Title : Literature series (6th)  (View Souvenir Sheet)
Stamp Serial#
2078 
KPC#
C-1590 
MICHEL#
2106 
StanGib#
2413 
Scott#
2031 
Date of Issue
08/01/2000 
Quantity
2,000,000 
Denomination
170 won 
Design
Obu Sasisa(The Fisherman's Calendar) by Yun Seon-do 
Designer
Lee, Hye-ock 
Image Area
26mm*36mm 
Perforation
13 
Sheet Composition
4*5 
Paper
White unwatermarked
Print
Korea Minting and Security Corporation 
Description
.The sixth collection of the Korean literature series being issued this year features Yolha Diary by Park Ji-won, Obu Sasisa (The Fisherman's Calendar), by Yun Seon-do, The Nine-Cloud Dream, by Kim Man-jung, Tears of Blood, by Yi In-jik, and From the Sun to a Child, by Choe Nam-seon.

Yolha Diary
Yolha Diary was written by Park Ji-won (1737-1805) during the reign of King Jongjo. Park kept a diary of his four-month-long journey to Beijing as a member of a Korean diplomatic mission dispatched to celebrate the birthday of Emperor Kojong of Ch'ing China in 1780. In it, Park described various aspects of contemporary Chinese life ranging from its history, geography, and customs to politics, economics, religion, literature, and arts, all which he had observed on the streets of Beijing and Yolha.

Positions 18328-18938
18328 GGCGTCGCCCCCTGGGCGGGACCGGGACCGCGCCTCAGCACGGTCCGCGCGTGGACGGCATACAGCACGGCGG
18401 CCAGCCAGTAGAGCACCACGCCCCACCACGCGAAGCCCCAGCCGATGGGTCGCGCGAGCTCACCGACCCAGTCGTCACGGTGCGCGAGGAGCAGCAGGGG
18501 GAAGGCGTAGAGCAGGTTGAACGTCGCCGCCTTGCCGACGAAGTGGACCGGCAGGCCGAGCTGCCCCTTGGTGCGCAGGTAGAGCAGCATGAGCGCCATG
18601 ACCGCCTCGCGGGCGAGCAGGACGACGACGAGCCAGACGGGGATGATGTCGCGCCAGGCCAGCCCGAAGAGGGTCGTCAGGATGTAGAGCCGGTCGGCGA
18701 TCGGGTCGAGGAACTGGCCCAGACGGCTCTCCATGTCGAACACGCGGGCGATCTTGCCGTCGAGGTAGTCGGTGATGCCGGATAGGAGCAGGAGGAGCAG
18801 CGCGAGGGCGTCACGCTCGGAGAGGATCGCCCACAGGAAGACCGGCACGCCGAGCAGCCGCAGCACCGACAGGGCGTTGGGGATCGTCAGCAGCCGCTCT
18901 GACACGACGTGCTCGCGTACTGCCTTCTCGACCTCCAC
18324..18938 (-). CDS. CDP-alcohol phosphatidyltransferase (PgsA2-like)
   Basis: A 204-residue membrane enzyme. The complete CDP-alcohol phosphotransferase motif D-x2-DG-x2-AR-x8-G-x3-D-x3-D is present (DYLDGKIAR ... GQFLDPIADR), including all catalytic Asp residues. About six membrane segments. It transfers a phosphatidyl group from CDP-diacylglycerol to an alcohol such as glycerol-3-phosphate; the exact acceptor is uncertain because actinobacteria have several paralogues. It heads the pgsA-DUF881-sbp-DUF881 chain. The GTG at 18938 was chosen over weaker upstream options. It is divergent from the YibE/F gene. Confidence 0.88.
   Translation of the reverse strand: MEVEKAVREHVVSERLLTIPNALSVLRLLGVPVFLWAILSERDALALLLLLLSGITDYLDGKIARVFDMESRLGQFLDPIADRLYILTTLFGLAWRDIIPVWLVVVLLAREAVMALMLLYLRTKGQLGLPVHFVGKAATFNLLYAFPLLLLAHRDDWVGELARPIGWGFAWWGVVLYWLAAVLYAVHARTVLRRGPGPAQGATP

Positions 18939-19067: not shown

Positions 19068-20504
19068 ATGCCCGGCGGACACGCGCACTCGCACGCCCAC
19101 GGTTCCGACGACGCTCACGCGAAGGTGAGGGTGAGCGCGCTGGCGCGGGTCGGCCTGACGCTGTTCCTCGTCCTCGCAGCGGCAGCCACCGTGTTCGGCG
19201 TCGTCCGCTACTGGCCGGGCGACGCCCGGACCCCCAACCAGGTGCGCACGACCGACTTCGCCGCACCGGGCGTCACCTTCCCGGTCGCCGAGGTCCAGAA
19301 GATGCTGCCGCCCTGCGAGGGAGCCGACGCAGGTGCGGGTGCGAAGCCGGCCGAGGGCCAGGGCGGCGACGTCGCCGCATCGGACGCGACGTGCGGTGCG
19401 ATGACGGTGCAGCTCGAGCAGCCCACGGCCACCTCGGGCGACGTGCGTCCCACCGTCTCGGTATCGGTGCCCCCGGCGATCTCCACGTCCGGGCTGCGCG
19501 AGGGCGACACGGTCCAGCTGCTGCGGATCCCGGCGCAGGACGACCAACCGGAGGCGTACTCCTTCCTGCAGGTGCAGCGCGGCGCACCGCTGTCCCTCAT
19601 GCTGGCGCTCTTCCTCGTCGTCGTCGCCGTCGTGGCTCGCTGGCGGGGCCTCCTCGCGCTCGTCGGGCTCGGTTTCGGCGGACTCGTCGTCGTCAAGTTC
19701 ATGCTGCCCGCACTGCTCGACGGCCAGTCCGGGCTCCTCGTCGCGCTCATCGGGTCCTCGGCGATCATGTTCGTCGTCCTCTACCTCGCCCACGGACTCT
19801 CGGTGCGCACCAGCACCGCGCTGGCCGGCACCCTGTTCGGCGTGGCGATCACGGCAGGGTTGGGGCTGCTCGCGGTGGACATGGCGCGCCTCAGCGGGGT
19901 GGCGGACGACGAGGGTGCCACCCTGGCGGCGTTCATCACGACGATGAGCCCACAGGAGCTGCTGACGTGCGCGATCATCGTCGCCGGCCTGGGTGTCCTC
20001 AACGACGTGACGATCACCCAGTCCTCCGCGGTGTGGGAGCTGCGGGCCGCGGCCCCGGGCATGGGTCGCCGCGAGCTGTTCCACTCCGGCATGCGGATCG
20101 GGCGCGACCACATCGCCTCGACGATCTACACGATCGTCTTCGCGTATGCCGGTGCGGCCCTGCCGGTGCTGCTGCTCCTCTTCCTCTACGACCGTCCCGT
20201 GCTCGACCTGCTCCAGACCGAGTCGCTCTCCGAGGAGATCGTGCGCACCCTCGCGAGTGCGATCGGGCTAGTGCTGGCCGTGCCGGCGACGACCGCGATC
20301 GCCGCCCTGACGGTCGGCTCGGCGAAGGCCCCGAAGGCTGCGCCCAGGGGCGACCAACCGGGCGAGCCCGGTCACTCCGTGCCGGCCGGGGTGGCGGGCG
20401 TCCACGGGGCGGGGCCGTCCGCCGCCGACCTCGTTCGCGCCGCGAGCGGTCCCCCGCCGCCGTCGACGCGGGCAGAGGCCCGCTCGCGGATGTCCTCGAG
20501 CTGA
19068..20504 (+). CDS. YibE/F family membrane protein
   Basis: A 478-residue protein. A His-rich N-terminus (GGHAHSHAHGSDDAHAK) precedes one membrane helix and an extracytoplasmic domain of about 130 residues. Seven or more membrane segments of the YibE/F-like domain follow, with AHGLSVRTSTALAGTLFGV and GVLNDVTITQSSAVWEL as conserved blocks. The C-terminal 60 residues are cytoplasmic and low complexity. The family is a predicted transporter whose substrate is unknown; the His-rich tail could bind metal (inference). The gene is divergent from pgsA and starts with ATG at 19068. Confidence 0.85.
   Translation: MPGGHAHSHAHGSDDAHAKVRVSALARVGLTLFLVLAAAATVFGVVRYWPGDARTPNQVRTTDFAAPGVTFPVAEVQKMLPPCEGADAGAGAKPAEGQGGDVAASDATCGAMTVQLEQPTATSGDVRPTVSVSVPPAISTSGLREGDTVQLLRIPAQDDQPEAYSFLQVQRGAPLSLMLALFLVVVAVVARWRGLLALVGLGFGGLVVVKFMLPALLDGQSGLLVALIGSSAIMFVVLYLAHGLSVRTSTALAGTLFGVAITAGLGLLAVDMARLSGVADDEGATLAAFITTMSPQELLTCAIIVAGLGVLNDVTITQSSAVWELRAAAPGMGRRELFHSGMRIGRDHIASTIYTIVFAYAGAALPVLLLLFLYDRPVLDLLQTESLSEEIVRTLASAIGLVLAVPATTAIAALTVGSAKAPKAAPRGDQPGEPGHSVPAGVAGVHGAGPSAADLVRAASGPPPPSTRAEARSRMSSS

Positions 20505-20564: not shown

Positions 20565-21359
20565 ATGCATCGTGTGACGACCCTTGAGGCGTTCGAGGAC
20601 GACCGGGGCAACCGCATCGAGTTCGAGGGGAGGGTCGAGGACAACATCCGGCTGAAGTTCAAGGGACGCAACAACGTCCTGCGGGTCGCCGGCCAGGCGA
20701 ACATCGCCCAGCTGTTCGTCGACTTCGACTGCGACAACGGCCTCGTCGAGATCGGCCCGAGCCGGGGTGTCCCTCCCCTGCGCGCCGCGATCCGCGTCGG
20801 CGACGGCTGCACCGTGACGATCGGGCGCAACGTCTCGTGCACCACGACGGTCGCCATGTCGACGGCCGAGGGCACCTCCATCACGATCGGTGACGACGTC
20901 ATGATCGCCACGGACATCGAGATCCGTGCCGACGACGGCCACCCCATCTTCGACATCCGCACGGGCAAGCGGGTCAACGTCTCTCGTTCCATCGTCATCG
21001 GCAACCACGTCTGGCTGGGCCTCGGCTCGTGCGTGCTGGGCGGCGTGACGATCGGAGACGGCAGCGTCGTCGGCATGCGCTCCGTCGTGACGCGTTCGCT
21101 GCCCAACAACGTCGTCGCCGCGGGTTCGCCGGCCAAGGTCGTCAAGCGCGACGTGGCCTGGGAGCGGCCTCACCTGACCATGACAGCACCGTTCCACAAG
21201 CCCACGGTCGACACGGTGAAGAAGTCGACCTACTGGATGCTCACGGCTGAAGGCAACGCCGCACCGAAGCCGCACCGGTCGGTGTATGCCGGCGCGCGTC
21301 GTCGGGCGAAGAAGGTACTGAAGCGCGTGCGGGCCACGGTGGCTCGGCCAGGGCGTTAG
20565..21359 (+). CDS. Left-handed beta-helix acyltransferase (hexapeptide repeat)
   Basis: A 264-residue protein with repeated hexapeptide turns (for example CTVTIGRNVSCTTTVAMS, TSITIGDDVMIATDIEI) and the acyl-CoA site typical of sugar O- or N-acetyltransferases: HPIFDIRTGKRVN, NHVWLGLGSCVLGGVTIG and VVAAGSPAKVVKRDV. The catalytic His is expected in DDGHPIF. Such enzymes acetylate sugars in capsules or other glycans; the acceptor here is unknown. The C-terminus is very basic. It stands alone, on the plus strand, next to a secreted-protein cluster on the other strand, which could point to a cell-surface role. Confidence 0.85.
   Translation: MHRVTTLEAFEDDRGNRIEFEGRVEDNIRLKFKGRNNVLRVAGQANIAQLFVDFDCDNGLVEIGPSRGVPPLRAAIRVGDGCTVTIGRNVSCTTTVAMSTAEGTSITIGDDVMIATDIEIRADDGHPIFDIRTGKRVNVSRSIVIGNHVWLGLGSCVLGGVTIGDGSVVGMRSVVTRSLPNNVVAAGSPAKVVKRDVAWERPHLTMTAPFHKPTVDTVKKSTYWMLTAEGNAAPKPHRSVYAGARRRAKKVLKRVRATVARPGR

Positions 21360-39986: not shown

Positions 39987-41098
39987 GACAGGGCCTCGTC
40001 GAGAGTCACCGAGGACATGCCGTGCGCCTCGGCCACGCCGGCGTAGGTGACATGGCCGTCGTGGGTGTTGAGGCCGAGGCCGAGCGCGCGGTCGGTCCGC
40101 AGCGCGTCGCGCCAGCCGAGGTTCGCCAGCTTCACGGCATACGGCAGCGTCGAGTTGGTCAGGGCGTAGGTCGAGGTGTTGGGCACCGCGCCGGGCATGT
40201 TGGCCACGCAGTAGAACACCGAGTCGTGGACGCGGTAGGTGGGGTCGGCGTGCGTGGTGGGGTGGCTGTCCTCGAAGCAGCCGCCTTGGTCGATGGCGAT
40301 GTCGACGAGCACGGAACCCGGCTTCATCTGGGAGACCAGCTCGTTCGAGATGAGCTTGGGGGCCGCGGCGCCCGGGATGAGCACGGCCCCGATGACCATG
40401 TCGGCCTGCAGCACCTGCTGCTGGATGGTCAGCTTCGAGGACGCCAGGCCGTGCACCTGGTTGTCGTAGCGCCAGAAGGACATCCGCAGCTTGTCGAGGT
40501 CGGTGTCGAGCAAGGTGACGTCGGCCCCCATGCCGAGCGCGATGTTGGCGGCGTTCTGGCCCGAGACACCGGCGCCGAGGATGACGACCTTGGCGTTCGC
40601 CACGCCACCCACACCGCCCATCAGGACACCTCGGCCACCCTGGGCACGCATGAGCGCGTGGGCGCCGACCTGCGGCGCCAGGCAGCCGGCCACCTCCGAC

The Fisherman's Calendar
The Fisherman's Calendar, is one of the most notable achievements of Yun Seon-do (1587-1671). Written in 1651 during the reign of King Hyojong of the Choson dynasty, this cycle of 40 poems gives a vivid depiction of the scenic beauty offered by seasonal change on Pogil-do island, one of the poet's favorite retreats, and extols the idyllic life of a fisherman, away from the cares of the world.

The Nine-Cloud Dream
The Nine-Cloud Dream (1689), was written in exile by Kim Man-jung (1637-1692), who intended it to comfort his mother. This romance concerns a Buddhist monk Sungjin, who begins to doubt the Buddhist teachings after he drinks alcohol and encounters eight beautiful fairies. He dreams of all sorts of secular pleasures, but then he and the eight fairies are awakened to the inner depth of his spirit and enter into the bliss of Heaven.

Tears of Blood
Tears of Blood (1906), by Yi In-jik (1862-1916), is the first modern novel written in Korea. Taking as its themes the longing for a civilized society and vehement opposition to arranged marriages, this novel presents a cross-section of the period after the end of the Chinese-Japanese War, and offers a vision for the dawning future by tracing the life of its heroine, Oknyun, as she makes her way from Korea to Japan and across the Pacific Ocean to America.

From the Sea to a Child
This inspiring poem by Choe Nam-seon (1890-1957), was published in the first issue of the magazine Sonyon (Child) in 1908, giving birth to modern poetry or free verse in Korea. Pinning high hopes and expectations on the pillar of the future, the poet preaches that children should leave behind vestiges of the old age and boldly venture out into the new world.